Innovative crops: Diversifying production on agricultural lands in Southwestern British Columbia
Lead researchers: Dr. Lisa Powell and Dr. Renee Prasad
Team members/partners: Dr. Lenore Newman and Dr. Garry Fehr
Funder: Real Estate Foundation of British Columbia
While crop production in Southwestern B.C. is diverse compared to other areas of North America, it is still concentrated on a small number of crops. The economic viability of growing some staple vegetables has declined in recent years, resulting in even fewer acres of these crops, and transition to more planted in potatoes and blueberries. These shifts further challenge the economic and environmental sustainability of agriculture and the food security of the region.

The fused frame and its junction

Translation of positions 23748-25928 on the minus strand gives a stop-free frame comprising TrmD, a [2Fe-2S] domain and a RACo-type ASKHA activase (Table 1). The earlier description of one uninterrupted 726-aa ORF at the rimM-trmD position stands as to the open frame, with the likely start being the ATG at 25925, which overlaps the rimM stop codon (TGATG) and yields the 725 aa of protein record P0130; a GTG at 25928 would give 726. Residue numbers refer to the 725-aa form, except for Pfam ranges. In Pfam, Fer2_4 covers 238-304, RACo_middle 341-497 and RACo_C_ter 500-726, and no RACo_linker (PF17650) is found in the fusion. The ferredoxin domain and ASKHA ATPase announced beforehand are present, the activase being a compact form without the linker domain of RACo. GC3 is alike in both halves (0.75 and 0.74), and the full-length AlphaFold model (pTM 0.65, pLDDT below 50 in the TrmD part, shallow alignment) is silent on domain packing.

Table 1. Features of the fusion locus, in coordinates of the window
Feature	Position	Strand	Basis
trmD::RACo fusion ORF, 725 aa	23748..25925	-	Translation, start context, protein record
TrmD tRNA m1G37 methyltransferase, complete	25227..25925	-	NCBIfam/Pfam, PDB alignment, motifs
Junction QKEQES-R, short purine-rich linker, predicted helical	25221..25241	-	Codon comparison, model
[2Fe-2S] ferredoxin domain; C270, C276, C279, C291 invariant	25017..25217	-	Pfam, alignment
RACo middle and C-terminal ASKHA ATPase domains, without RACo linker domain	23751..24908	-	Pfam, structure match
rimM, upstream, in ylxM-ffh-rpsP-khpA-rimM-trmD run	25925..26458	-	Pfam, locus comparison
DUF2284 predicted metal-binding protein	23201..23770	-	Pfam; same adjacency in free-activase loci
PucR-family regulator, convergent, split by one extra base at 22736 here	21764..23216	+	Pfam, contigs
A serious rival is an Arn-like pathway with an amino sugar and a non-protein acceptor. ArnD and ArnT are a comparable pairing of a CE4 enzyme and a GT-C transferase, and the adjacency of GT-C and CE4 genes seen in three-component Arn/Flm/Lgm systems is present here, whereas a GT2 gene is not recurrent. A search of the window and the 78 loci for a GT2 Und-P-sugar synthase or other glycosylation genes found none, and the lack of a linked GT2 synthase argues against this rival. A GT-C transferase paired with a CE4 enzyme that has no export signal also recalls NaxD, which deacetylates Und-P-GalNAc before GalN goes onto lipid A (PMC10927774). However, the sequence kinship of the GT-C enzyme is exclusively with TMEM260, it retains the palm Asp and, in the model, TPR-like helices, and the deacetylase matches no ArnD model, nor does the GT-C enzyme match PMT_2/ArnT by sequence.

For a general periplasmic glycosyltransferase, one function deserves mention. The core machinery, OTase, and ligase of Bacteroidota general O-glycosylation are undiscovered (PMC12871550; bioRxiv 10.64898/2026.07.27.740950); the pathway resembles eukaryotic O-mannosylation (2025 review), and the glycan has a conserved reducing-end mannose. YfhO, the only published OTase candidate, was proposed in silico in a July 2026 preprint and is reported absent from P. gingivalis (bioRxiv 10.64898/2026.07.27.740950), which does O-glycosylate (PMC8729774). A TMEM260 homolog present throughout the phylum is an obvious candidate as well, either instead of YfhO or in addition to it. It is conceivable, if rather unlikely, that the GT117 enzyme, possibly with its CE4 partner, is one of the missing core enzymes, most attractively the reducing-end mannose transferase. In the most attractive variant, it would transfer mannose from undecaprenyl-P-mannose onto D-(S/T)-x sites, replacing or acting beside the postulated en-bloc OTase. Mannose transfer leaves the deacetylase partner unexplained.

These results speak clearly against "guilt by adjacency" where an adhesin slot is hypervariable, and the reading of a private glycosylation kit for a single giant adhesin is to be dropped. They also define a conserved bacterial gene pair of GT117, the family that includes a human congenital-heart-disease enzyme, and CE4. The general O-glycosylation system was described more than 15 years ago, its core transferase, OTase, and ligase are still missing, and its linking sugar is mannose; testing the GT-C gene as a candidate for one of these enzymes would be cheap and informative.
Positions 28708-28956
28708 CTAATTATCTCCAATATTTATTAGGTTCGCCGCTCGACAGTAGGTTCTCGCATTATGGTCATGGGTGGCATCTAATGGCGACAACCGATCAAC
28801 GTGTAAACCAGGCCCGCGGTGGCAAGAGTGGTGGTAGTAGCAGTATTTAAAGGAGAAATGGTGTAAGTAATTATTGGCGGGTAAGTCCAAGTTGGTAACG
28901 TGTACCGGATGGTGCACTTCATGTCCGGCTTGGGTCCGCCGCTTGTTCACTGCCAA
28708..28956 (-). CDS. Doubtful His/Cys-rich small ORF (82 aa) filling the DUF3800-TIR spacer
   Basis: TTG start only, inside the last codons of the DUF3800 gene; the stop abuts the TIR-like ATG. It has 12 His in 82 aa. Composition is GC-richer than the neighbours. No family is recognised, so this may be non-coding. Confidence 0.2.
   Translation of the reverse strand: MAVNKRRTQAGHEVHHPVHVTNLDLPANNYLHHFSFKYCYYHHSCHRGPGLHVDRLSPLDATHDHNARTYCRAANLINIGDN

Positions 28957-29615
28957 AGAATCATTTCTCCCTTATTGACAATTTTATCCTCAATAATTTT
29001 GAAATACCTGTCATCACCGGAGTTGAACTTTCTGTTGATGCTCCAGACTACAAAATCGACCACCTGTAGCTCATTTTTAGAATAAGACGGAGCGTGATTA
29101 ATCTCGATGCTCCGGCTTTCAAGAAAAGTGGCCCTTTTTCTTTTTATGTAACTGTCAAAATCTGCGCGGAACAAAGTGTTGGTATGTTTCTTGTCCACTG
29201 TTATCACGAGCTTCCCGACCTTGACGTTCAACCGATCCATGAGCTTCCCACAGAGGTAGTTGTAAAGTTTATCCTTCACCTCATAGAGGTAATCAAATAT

One way to address vulnerabilities caused by the loss of diversity in production is to re-introduce diversity in the form of innovative crops. We define innovative crops as either new to the region, or recently introduced, re-introduced, or being grown under new conditions, with the potential to meet a need or demand for local supply. One example is ethnocultural vegetables, which are food crops not traditionally grown in Canada or introduced by European settlers and which meet the needs of more recent immigrants and interest among the general public for cooking recipes from cuisines with origins worldwide. Particularly underexplored in B.C. are ethnocultural vegetables used in the cuisines of immigrants of South Asian, Filipino and Persian descent. Another area of innovative production is crops that have been unsuited to Southwestern B.C. due to the area’s climate. While climate change will disrupt agriculture, it may enable the production of crops previously unable to survive here. Other innovative crops are those currently in limited production but which may have the potential for more.
This project investigated the potential for economically viable production of innovative crops in Southwestern B.C. and develops extension resources based on the research.